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And a Drug Trip in a Strip Club

The Night Before just wants to be your friend



Seth Rogen has built a cinematic empire on the back of basically being a fearful Peter Pan. While a huge amount of his roles have centered around man-children caught in the throes of fighting their way out of arrested development, The Night Before manages to sit a little further along the timeline. He is also not the main focus in a film much more concerned with the difficulties in sustaining a friendship into adulthood than gross-out humor, or a bunch of dick and fart jokes. Although there are plenty of those as well.

The Night Before tells the story of Ethan (Joseph Gordon-Levitt), Isaac (Seth Rogen), and Chris (Anthony Mackie), three best friends on Christmas Eve, following their annual tradition of getting schwasty and having a night out in New York. Isaac is getting ready to have his first child with his wonderful and supportive wife, and Chris is a full-blown celebrity having his best season yet in the NFL, but Ethan is still stuck in a place where making huge life choices is impossible.

Fourteen years earlier, Ethan's parents were killed by a drunk driver on Christmas Eve and Isaac and Chris wouldn't let him sit in depression. They took him out for Chinese food, karaoke, to see the tree at Rockefeller Center, and even went on a massive hunt for a white whale, urban legend of a Christmas Party, and every year since they follow that tradition. But this year is their last since Chris is becoming too famously important and Isaac is going to be a father, so Ethan is desperate to have this night be the best one yet.

None of this would work if it weren't for the three leads—and JGL, Mackie, and Rogen have chemistry to spare—making their friendship seem lived-in. There are moments of such authenticity in their relationship that it's surprisingly sharply observed for what is basically being sold as a "dumb" comedy. Many of the jokes here are built from the characters and the truth of their relationships and lives. Grounding a comedy that deeply in the world that it has built gives the film emotional stakes most comedies don't...which is why most of them are bad.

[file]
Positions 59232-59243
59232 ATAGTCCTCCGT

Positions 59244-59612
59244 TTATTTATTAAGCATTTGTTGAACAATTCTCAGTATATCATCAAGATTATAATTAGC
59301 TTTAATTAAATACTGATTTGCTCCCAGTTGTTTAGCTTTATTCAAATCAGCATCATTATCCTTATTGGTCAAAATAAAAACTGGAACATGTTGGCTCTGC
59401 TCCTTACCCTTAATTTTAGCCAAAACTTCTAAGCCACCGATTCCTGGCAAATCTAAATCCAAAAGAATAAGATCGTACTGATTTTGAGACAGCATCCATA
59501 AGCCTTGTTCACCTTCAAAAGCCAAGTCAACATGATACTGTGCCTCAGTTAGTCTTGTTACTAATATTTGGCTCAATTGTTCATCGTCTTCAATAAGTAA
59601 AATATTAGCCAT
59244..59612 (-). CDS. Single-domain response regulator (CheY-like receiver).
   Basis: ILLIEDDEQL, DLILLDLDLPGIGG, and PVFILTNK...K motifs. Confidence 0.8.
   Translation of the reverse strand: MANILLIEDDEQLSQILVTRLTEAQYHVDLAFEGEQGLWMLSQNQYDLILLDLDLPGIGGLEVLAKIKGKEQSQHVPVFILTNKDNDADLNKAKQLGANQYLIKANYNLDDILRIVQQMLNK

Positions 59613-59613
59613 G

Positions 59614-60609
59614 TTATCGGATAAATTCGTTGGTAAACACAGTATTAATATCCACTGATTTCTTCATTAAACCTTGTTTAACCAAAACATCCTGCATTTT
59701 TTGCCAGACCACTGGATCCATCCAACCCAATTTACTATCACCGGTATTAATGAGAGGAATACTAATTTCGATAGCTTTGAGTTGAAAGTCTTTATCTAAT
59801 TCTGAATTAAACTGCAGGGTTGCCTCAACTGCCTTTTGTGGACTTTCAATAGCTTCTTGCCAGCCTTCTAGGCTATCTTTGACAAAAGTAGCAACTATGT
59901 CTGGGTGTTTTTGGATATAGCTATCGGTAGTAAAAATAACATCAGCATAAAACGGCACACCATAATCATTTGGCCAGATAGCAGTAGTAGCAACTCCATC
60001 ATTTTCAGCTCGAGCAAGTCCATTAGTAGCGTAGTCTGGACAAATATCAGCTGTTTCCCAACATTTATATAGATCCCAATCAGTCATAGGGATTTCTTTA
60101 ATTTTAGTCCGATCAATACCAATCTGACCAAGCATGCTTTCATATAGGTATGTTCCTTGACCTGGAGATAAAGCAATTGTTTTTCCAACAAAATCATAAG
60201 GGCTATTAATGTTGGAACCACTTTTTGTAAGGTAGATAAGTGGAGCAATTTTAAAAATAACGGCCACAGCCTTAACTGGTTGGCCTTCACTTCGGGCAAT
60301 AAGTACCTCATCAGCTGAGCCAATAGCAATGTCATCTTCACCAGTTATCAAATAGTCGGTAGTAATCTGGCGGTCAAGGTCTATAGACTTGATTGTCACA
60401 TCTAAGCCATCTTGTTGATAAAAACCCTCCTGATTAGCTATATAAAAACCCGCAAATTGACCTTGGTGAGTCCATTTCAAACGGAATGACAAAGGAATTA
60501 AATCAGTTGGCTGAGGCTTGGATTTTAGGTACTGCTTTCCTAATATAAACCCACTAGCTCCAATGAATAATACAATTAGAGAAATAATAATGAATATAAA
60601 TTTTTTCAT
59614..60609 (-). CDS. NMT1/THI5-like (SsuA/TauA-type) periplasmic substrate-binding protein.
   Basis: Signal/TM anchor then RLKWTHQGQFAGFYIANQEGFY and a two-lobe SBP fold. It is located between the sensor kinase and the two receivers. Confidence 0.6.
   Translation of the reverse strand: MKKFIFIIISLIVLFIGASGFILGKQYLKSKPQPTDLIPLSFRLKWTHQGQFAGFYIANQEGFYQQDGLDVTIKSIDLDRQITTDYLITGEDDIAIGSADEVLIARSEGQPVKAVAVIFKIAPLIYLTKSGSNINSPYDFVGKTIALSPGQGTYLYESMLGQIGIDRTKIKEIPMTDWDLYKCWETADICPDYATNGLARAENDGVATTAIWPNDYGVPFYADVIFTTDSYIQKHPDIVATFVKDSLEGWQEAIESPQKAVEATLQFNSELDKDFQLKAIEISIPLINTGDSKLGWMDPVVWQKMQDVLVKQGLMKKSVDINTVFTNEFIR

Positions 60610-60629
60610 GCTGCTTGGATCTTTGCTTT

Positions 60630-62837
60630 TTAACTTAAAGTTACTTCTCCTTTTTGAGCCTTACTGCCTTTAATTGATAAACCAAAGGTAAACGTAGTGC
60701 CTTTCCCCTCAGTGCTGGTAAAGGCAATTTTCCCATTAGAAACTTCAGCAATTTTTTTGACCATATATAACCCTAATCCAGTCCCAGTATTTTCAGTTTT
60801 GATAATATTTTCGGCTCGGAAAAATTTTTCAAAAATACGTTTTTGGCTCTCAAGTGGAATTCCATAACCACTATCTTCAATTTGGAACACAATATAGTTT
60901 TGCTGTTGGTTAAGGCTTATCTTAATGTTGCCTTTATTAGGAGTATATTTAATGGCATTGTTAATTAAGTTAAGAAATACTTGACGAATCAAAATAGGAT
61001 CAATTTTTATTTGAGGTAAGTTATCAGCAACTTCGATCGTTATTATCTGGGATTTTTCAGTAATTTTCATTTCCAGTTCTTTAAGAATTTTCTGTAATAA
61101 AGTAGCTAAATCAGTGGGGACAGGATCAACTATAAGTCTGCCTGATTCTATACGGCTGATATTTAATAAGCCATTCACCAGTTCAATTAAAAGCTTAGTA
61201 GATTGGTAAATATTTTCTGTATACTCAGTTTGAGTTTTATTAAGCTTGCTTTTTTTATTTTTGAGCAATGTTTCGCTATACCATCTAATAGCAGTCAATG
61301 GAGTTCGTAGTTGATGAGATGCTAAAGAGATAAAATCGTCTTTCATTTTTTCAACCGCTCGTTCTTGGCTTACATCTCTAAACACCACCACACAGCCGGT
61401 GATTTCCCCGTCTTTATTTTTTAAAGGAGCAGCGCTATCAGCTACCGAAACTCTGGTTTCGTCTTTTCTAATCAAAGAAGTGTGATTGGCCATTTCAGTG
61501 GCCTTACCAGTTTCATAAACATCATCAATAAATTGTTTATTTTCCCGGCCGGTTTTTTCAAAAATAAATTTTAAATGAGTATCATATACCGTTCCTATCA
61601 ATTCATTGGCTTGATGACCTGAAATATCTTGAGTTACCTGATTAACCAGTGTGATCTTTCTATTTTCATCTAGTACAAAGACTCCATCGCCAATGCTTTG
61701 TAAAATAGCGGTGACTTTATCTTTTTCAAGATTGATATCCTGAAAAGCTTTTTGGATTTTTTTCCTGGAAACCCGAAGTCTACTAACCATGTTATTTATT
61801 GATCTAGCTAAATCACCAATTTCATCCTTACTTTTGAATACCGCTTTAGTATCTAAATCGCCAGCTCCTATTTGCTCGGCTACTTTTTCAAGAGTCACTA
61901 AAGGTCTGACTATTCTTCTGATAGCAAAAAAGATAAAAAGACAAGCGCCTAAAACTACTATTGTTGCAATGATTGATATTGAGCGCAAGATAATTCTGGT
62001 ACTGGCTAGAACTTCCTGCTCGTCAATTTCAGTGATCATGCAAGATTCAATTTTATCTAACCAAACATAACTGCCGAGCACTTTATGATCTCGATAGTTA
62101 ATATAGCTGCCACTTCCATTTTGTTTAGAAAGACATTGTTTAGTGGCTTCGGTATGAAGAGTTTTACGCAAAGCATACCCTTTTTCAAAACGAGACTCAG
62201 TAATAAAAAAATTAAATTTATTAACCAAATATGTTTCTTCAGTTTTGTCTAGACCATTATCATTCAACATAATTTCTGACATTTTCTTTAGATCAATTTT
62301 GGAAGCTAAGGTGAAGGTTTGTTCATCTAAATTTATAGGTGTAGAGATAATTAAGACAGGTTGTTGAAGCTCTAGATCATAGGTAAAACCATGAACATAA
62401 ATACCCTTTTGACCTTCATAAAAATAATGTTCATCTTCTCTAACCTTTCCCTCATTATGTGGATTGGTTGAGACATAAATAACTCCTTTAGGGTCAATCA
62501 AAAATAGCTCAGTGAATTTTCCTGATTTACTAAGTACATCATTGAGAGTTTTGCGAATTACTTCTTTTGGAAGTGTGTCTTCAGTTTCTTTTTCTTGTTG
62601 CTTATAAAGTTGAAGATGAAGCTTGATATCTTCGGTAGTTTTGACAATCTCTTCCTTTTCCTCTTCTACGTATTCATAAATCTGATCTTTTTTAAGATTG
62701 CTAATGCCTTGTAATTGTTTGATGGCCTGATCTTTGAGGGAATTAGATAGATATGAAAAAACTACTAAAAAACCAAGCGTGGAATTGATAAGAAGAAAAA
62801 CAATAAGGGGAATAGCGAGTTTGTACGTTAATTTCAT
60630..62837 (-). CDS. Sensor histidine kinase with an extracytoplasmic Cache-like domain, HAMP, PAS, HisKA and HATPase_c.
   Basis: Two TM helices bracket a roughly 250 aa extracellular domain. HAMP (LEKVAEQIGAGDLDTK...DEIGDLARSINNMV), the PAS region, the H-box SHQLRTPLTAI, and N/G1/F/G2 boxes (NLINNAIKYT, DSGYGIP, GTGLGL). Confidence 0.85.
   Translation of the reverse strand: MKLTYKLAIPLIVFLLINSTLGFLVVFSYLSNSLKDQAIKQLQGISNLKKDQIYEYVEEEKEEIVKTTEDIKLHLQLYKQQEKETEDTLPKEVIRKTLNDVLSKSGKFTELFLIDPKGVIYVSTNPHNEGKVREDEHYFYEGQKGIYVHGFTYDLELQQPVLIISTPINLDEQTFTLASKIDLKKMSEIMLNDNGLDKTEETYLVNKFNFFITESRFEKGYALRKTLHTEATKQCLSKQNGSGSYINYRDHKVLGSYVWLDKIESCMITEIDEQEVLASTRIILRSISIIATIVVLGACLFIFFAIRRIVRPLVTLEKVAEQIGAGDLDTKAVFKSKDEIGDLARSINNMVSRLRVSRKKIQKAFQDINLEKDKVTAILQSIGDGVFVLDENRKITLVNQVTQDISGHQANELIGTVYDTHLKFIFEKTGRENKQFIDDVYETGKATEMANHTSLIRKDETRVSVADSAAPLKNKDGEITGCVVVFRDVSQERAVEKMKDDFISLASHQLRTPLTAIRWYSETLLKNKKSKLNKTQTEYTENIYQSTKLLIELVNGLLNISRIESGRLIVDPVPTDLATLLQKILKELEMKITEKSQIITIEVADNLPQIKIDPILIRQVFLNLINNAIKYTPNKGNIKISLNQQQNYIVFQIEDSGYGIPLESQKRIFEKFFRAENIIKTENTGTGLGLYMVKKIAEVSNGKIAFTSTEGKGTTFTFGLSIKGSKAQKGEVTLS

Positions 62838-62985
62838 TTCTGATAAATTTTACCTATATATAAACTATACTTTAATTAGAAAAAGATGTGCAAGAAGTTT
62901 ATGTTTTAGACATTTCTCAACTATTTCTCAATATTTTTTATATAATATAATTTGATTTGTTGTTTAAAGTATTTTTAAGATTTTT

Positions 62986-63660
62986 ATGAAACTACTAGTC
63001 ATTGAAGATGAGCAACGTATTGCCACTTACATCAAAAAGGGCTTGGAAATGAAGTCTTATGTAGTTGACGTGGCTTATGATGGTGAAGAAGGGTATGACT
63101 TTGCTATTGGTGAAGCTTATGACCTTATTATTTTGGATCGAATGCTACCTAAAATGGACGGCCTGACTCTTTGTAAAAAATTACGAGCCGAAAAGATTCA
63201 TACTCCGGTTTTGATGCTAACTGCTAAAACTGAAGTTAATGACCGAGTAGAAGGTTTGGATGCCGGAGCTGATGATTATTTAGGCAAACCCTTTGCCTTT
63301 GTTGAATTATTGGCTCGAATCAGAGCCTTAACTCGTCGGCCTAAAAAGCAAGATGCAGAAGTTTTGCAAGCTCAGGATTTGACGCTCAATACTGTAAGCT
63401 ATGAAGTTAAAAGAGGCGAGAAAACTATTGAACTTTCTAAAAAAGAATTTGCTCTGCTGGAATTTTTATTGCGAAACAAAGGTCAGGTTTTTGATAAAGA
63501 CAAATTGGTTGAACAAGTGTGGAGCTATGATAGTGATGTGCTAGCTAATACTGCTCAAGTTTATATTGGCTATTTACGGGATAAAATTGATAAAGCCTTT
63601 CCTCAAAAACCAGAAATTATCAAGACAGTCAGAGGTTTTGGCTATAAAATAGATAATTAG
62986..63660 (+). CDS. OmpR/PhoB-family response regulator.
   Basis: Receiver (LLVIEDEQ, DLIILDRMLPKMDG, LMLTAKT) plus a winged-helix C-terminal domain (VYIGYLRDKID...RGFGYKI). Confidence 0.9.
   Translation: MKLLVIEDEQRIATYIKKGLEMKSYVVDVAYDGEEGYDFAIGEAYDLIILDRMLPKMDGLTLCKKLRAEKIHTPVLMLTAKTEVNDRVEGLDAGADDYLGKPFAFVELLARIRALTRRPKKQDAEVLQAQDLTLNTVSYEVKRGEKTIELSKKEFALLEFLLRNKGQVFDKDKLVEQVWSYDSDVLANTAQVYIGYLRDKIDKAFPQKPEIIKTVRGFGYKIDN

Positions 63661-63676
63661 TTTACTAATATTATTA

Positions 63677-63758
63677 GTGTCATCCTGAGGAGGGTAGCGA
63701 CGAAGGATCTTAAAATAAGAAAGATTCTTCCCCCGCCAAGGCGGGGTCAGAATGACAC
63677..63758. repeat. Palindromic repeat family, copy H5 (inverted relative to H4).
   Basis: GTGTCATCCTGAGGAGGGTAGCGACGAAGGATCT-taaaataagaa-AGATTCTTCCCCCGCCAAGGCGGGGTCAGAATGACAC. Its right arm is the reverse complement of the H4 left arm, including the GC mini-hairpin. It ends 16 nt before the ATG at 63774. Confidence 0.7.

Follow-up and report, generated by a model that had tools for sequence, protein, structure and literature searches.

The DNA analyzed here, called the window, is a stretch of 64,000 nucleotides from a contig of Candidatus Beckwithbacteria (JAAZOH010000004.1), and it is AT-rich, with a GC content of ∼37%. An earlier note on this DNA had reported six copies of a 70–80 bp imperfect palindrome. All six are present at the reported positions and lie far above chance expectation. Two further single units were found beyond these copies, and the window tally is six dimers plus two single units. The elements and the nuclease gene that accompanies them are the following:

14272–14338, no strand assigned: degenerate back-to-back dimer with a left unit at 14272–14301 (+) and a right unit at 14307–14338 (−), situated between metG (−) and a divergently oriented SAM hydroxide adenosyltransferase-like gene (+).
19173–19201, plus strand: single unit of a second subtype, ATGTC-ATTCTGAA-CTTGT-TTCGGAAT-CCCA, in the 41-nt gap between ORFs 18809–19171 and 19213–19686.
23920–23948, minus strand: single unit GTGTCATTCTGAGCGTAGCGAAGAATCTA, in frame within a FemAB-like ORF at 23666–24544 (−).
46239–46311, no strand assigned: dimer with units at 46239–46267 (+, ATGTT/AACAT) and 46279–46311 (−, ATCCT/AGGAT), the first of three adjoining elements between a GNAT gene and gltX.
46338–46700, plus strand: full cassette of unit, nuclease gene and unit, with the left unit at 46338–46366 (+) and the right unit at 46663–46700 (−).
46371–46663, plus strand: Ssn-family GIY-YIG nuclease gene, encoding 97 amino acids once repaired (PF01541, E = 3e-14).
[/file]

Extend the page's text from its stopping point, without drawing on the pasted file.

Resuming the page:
But with all this talk of emotional stakes and sharp observations, none of it matters unless the movie is funny and The Night Before delivers a steadily escalating cavalcade of laughs. The more time we spend with Rogen, Mackie and Levitt, the more we like them, root for them, and want to see everything work out OK, even when they're being dicks and doing dumb crap. While the film has a very stereotypical structure for a comedy (Friends fighting in the third act! Uh oh, will they make up in time for the movie to end?) and a couple of pretty pat resolutions, all of it works just enough to keep the goodwill flowing.

One of the main reasons so much of the film works is Jonathan Levine's direction. Instead of being shot by some of the typical comedy directors in the business, The Night Before is only improved by Levine's eye for authentic moments. Two of his films, The Wackness and 50/50, are easily overlooked 21st century classics, and while The Night Before isn't quite on the same level, it definitely sits comfortably in Levine's filmography.

Packed with great cameos (Michael Shannon steals this film with both hands as drug dealer Mr. Green), a few solid belly laughs and a surprising amount of heart, The Night Before won't change your life or even really give you a deeper connection to Christmas, but it's a good story well told. Not all films need to be that important. Some, like the very best of friends, are just there when you need them.

The Night Before

Dir. Jonathan Levine

Grade: B

Now Playing at Old Mill Stadium 16 & IMAX

About The Author

Jared Rasic

Film critic and author of food, arts and culture stories for the Source Weekly since 2010.

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